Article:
In strength & conditioning, sport science and sports development programs, as in any industry, we have a tendency to go along with the latest trend, without even considering whether it will bring about significant positive change or not. Will the net gain as a result of our efforts be worth the financial and temporal cost we incur?
Teams and organizations that achieve consistent results have one thing in common. They do the basics better than anyone else. As we seek to get ahead, we look to gain the advantage in any way that we can. This can often lead to us neglecting the boring pieces of the puzzle that will make the most difference. We then latch onto a sexy gimmick that realistically is not going to be the difference between winning and losing.
Clive Woodward’s famous mantra that drove England’s successful 2003 RWC campaign was “Be 1% better”. He famously left no stone unturned as they looked to trump their Southern Hemisphere opposition in their pursuit of the “Holy Grail”. They looked at how to gain a competitive advantage in terms of training, recovery, equipment etc. However, if you look closely at that side, what did they do better than anyone else? The basics.
Their superstars did not consider themselves to be superstars. There were no mavericks on the team. Everyone made their tackles. Everyone carried hard. Everyone made an effort to work off the ball. Everyone executed their small roles with intent and focus. This is what made the difference. Not what newfangled, experimental eye-training the squad had been doing 12 months previous.
So if we apply that to ourselves and our own organizations, should we not also attempt to “pick the lowest hanging fruit”? What is going to make the biggest difference in terms of our recovery? Massage guns or going to bed early? Stress management or compression garments? Supplements or a varied diet?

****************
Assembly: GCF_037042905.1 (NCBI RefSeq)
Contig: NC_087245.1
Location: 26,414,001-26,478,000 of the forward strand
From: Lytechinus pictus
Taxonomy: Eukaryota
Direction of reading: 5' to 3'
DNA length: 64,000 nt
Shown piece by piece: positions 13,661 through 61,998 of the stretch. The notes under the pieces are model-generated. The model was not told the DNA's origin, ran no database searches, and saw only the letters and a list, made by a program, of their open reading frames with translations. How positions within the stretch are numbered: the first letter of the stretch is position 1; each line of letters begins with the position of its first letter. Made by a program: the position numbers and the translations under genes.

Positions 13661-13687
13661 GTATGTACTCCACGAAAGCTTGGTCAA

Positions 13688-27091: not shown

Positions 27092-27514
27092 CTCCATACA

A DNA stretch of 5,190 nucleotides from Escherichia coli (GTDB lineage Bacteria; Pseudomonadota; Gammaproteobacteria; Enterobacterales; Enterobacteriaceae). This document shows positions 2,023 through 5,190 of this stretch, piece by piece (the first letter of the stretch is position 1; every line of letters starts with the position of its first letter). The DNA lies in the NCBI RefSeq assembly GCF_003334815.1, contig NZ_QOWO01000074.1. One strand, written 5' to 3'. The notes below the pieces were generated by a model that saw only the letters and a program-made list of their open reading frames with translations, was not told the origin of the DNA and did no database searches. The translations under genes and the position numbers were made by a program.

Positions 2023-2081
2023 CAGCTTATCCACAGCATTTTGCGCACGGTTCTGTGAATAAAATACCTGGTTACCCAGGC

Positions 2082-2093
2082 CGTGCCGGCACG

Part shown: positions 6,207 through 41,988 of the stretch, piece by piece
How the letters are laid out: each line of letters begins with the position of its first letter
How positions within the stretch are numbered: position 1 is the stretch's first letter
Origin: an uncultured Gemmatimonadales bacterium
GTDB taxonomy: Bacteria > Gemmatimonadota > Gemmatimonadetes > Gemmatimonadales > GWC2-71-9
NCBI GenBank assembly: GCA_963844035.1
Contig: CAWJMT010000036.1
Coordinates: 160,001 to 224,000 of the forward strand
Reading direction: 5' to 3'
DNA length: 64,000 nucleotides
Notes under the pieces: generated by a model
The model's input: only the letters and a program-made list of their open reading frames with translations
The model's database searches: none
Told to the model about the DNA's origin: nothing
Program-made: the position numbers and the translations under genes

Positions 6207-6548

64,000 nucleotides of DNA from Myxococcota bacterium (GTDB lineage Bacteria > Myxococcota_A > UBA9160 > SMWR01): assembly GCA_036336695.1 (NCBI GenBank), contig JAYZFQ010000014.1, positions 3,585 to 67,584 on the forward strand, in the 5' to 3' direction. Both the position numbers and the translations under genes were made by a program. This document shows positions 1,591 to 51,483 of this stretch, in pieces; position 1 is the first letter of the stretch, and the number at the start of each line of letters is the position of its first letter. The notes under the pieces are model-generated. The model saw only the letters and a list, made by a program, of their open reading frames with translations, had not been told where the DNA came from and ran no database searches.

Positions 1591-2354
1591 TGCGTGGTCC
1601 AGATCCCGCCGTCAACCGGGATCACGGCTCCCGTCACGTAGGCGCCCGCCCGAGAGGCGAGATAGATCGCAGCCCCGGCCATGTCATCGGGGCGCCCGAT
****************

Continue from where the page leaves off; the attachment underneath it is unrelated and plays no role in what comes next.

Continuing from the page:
It’s always easy to pick the sexy option. Some will think, “Well if I’m seen to be doing this, then other people will think that I’m an elite performer”. That’s where most people are wrong. Elite performers may sometimes endorse products that claim to give them the competitive advantage, but often they only do this after they’re already on top of their game. What got them to that point? Consistent hard work paired with consistent recovery.
Ask any Manchester United player of the 00’s who was the first to arrive and last to leave the training ground? Cristiano Ronaldo. Ask the same of any Leinster and Ireland player of the same generation, their answer will be Brian O’Driscoll. Any Laker fan will tell you that their hardest working player ever was Kobe Bryant. What do all of these high-performers, who stayed at the top for the duration of their longer than average careers have in common? They did the basics better than anyone else.
So the next time someone in your organisation tells you that they’re going to invest in an anti-gravity treadmill, or 40 GPS units, or compression garments or an infra-red sauna, ask yourself, before we go along with this new trend, are we executing everything else with 100% effort and consistency. If you’re not, keep your money in your pocket and get back to work on the process. Just because you can, doesn’t mean you should.